# Uniqueness of Extended Euclidean Algorithm

I'm doing a bit of extra reading on the Extended Euclidean Algorithm and had a side-thought that I couldn't find an answer to in the book.

I understand that the Extended Euclidean Algorithm can express the GCD of two numbers as a linear combination of those two numbers.

My question is, is the linear combination acquired unique? (My gut is telling me that it not, but I'd like some verification as I cannot produce a proof of uniqueness).

If the answer is 'No', then my follow-up question is "What is so special about the specific linear combination acquired by the EEC?"

Given two integers $a$ and $b$, the Extended Euclidean algorithm calculates the $\gcd$ and the coefficients $x$ and $y$ of Bézout's identity: $ax+by=\gcd(a,b)$. These coefficients are not unique (see linked article).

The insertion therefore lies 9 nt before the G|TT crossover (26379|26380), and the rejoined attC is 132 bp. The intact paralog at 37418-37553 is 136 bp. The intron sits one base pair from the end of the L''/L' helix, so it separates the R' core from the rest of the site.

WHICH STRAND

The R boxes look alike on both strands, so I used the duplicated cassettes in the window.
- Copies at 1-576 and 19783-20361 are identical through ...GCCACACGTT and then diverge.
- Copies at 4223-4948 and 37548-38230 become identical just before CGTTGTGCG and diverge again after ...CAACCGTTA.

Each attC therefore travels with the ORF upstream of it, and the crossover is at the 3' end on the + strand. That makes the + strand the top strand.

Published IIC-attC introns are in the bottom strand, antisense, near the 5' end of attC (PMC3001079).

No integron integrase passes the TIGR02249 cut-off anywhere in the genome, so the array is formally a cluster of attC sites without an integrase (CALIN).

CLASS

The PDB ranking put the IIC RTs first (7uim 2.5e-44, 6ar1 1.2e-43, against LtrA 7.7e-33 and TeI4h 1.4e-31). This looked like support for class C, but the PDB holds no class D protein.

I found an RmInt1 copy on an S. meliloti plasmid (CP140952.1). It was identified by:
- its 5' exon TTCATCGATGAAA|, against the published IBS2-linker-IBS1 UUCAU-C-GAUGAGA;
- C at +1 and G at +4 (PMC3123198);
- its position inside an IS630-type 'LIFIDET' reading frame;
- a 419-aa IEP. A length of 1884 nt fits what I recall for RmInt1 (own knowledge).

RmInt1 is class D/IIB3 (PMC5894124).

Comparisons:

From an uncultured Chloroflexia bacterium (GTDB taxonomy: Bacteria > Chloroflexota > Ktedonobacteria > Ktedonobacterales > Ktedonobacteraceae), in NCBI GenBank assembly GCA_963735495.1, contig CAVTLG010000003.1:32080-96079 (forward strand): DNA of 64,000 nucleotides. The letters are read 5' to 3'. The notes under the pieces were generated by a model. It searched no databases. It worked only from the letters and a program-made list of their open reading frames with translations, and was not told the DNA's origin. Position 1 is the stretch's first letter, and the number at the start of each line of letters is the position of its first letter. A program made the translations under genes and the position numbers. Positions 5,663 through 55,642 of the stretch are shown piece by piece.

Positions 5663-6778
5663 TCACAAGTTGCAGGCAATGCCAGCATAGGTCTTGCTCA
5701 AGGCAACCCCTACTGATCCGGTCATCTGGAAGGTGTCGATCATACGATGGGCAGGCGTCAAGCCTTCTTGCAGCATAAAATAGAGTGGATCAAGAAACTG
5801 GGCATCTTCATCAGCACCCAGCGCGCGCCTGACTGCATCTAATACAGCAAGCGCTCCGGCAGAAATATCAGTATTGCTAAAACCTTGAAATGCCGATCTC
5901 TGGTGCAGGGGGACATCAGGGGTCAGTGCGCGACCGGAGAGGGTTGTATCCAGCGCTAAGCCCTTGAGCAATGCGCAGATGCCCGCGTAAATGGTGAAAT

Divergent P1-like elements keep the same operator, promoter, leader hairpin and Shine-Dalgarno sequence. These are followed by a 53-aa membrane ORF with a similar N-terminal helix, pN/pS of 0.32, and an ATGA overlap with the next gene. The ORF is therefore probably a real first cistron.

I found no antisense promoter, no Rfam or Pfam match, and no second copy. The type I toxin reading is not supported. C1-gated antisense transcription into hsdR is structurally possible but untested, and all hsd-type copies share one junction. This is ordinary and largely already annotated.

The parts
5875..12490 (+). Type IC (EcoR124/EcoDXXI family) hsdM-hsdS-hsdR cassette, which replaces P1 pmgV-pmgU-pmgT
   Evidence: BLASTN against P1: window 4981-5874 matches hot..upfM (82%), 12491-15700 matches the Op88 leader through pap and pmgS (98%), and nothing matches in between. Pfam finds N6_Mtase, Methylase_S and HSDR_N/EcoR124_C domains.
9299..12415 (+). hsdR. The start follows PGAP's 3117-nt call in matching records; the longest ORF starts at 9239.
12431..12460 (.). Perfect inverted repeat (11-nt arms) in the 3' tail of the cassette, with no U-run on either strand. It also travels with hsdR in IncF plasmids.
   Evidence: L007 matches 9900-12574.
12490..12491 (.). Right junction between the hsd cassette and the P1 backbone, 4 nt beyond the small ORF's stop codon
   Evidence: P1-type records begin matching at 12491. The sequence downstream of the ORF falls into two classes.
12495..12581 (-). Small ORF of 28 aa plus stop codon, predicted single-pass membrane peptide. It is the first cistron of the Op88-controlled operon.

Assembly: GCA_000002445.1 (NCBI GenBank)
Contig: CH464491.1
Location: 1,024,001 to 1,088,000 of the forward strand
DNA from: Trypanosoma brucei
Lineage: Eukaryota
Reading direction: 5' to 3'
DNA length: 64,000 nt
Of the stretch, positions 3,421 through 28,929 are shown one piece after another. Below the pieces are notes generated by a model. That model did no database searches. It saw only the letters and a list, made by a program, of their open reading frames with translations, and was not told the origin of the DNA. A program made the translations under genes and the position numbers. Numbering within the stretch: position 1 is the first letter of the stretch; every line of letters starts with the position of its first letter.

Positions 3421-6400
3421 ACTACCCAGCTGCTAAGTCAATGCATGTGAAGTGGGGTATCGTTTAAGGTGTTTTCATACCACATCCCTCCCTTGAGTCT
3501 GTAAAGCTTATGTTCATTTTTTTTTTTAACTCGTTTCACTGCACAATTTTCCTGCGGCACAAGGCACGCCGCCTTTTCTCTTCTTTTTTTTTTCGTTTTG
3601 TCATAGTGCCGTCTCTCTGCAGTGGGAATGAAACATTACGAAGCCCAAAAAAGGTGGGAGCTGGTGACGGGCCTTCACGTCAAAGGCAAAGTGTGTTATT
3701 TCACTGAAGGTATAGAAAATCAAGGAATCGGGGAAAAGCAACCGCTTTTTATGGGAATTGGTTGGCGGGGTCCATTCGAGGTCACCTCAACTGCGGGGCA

The specific coefficients created by the algorithm satisfy these conditions: $$|x|<|\frac{b}{\gcd(a,b)}|$$ $$|y|<|\frac{a}{\gcd(a,b)}|$$
If there is one solution $$(x,y)$$ of the linear diophantine equation $$ax+by=c$$ then there are infinitely many, given by $$(x-\dfrac b{\rm{gcd}(a,b)}t,y+\dfrac a{\rm{gcd}(a,b)}t)$$ for any integer $$t$$.
There will be a solution at all if and only if $$c$$ is a multiple of the $$\text{gcd}$$.